Touchscreens and touch controls took over the world of automotive interior design, as automakers aimed to build vehicles on the cutting edge of technology and trends. As it turns out though, sometimes the old ways are best. Hyundai certainly thinks so, as it has pledged to employ real physical buttons in products to come.
Sang Yup Lee, Hyundai’s head of design, reiterated the company’s commitment to buttons at the introduction of the new Hyundai Kona. As reported by CarsGuide, for the Korean automaker, it’s a decision rooted in safety concerns. “We have used the physical buttons quite significantly the last few years. For me, the safety-related buttons have to be a hard key,” said Lee.
It’s a design call that makes a lot of sense. In some modern vehicles, adjusting things like the volume or climate control settings can require diving into menus on a touch screen, or using your eyes to find a touch control on the dash. In comparison, the tactile feedback of real buttons, dials, and switches lets drivers keep their eyes on the road instead.
“When you’re driving, it’s hard to control it. This is why when it’s a hard key it’s easy to sense and feel it,” said Lee. As far as he is concerned, physical controls are a necessity for anything that could impact safety. Hence the physical buttons and dials for items like the HVAC system and volume control.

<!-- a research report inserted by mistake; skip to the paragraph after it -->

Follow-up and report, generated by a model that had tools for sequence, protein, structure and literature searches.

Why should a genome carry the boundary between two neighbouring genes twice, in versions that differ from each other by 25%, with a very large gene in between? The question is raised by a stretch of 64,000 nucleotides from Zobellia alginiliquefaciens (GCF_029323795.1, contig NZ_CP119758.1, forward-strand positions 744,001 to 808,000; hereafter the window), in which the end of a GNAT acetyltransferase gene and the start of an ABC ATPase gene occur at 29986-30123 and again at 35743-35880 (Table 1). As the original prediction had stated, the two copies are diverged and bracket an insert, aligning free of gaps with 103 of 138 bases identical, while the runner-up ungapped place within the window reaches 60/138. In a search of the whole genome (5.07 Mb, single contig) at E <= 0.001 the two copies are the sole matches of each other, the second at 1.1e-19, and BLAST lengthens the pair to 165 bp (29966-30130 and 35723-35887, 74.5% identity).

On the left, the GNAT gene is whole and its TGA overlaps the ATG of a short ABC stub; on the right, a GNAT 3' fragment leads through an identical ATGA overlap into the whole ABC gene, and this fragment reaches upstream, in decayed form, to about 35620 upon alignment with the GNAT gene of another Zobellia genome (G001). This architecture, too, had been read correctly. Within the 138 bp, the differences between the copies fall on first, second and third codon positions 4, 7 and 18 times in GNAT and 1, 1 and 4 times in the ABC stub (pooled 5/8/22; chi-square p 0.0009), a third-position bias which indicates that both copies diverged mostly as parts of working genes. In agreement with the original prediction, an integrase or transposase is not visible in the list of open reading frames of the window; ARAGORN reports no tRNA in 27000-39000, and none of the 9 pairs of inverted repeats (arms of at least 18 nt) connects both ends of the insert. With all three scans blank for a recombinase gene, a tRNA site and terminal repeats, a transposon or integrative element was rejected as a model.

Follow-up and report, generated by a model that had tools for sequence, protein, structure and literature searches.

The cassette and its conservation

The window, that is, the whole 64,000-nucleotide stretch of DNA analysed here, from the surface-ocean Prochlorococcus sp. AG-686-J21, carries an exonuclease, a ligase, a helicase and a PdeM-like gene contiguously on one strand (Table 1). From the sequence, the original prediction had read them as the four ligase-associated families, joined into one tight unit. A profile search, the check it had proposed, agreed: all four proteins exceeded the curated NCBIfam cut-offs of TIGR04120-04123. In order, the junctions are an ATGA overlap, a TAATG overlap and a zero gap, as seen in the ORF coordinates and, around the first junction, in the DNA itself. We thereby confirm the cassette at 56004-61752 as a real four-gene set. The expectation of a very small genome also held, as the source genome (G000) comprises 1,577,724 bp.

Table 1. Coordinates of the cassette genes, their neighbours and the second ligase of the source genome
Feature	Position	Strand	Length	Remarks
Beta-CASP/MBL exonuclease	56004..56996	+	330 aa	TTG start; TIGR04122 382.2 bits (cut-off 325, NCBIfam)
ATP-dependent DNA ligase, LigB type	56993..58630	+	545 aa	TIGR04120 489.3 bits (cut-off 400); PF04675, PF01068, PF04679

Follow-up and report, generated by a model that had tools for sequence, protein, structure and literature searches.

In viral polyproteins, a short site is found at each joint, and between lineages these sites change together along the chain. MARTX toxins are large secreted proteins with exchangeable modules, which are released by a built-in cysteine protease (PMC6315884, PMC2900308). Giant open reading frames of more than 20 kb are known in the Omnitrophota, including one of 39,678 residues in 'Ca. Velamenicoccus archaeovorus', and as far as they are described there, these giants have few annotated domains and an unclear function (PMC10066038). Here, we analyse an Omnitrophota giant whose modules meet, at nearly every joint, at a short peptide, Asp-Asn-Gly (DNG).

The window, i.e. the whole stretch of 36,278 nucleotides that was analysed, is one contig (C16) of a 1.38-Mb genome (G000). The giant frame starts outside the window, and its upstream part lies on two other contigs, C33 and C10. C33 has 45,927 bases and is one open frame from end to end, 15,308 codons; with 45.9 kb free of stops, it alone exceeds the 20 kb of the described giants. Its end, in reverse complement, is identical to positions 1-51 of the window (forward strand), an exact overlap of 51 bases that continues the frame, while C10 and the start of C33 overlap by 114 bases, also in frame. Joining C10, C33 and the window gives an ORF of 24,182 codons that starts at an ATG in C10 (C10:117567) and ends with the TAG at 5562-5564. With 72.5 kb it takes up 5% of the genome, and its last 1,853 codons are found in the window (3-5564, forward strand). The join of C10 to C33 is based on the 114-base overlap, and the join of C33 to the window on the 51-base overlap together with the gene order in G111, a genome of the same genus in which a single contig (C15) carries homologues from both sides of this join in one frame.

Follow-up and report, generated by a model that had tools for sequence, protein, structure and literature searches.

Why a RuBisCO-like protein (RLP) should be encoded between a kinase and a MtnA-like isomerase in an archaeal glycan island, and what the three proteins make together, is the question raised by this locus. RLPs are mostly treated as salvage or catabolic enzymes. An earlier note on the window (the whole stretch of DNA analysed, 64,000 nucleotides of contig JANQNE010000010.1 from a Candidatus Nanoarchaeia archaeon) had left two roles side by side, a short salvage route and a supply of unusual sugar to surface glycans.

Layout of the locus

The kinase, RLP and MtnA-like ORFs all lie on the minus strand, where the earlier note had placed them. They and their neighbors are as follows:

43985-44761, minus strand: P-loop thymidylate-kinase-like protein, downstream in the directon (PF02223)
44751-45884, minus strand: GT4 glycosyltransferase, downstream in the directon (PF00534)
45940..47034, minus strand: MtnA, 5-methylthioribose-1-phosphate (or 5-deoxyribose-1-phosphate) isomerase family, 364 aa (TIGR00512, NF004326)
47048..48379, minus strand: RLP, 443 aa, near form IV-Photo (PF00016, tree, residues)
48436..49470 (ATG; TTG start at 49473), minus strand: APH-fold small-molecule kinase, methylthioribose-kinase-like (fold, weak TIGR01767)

Lee hinted that while this is a priority for Hyundai today, things may change in future. In particular, the company will likely look at using touch controls more heavily when autonomous driving becomes mainstream. “When it comes to Level 4 autonomous driving, then we’ll have everything soft key,” said Lee.
Touchscreens and touch controls did offer certain enticements to automakers. They allow a great deal of functions to be controlled with a compact, changeable interface. A handful of touch controls and a touchscreen can also be cheaper and easier to implement than populating buttons all over the cabin. Plus, for a time, they were a sign that an automaker was moving with the times.
After the past decade, though, the people grow tired of such novelties. Touch controls are, by and large, less responsive and less practical than the simple buttons of yore. That’s before we even contemplate the frustration of having to dive into a menu system just to turn on a heated seat. Hyundai has clearly identified the old-school ethos best suits its own interiors, and it isn’t afraid to say so.
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